Quote:
Originally Posted by ShootingArts View Post
Billiard parlors were popular in the old west....The Earps really did enjoy the game.....
Don’t know the genealogy/relation, but the old poolhall where I grew up in Wyatt’s hometown (also Ralph G. birthplace) was once owned by the Earp family. 50’s population was 10,000 and had then at least 4 poolhalls (not counting numerous taverns with bar boxes, which were just starting to appear).
P.S. As far as I know, women were typically never admitted in small town poolrooms (the ‘good old days’). It wasn’t until Brunswick came up with the wholesome ‘Family Recreation’ concept in the mid-50s (?) and started installing pool tables in their bowling alleys to attract more women & children (and boost failing revenue) that the ‘general’ public really had free access.
  
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09-23-2019, 06:12 PM

Quote:
Originally Posted by Bob Jewett View Post
Anyone who is interested in the history of billiard games needs to get William Hendricks' booklet. The following is from page 14 of Hendricks' "History" in the section titled "The Eighteenth Century: Billiards for Everyman."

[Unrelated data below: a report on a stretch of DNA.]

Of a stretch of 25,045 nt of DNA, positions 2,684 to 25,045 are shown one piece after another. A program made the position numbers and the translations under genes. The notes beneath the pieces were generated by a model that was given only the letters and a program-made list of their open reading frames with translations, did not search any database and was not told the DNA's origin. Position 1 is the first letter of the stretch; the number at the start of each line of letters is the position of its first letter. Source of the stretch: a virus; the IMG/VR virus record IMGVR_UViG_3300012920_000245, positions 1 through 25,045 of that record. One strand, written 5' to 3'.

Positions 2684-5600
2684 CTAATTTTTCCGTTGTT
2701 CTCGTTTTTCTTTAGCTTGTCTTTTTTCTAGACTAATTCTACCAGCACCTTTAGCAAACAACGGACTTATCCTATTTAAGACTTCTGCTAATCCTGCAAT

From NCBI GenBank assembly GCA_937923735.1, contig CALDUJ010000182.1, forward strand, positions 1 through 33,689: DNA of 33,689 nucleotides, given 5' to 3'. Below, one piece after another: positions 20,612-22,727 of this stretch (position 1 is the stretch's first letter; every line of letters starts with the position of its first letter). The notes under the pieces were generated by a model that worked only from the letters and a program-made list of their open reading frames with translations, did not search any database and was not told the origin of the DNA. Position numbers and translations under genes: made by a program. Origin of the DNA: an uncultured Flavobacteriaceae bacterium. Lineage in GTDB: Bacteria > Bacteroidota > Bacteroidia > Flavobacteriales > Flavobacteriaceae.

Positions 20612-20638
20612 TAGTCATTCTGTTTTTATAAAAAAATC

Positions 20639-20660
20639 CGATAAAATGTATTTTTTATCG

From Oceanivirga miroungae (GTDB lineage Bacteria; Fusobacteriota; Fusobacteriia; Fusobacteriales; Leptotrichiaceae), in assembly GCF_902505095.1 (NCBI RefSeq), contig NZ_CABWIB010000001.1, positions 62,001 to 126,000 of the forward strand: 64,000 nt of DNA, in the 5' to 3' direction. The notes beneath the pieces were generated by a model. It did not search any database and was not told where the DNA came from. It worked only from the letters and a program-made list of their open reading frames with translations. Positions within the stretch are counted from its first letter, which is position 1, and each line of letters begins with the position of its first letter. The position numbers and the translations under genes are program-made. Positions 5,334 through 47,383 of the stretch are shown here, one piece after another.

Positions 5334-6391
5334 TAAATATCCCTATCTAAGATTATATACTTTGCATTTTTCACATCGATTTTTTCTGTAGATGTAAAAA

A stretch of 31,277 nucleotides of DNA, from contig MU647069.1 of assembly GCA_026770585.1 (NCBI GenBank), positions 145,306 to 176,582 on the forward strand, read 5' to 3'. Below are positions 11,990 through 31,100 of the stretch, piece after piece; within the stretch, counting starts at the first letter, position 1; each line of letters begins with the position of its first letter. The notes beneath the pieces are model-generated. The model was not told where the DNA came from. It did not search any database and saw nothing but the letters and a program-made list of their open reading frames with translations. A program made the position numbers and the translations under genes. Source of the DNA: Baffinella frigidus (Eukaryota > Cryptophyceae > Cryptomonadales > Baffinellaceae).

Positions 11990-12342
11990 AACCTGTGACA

[billiards still expensive ...] Even when the affluent did not wish
to mingle, the less-wealthy colonists could be obstreperously
democratic when it came to billiards. A horrified British officer
describes a 1780 dispute at colonial billiards between a gentleman
and "a low fellow" at a public table.

I shall relate the way the accident happened, to shew the
ferociousness of the lower class in this country; this gentleman
was at play in the billiard-room, where there were a number of
gentlemen and several of our officers: a low fellow, who
pretends to gentility came in, and in the course of play, some
words arose, in which he first wantonly abused [the gentleman]
and afterward ... flew at him, and in an instant turned his eye
out of the socket, and while it hung upon his cheek, the fellow
was barbarous enough to endeavor to pluck it entirely out, but
was prevented.(*)


(*) From Jane Carson's "Colonial Virginians at Play," University
Press of Virginia, 1964, p. 85.

I have heard that billiards in Virginia is more civilized now.
Trivia note , Jim Bowie was an eye plucker, of some renown.
Before he invented the Bowie Knife , weapons were illegal in Louisiana, so the men would harden their fingernails in a fire, for eye gouging.
  
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good information and good point!
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good information and good point! - 09-23-2019, 11:21 PM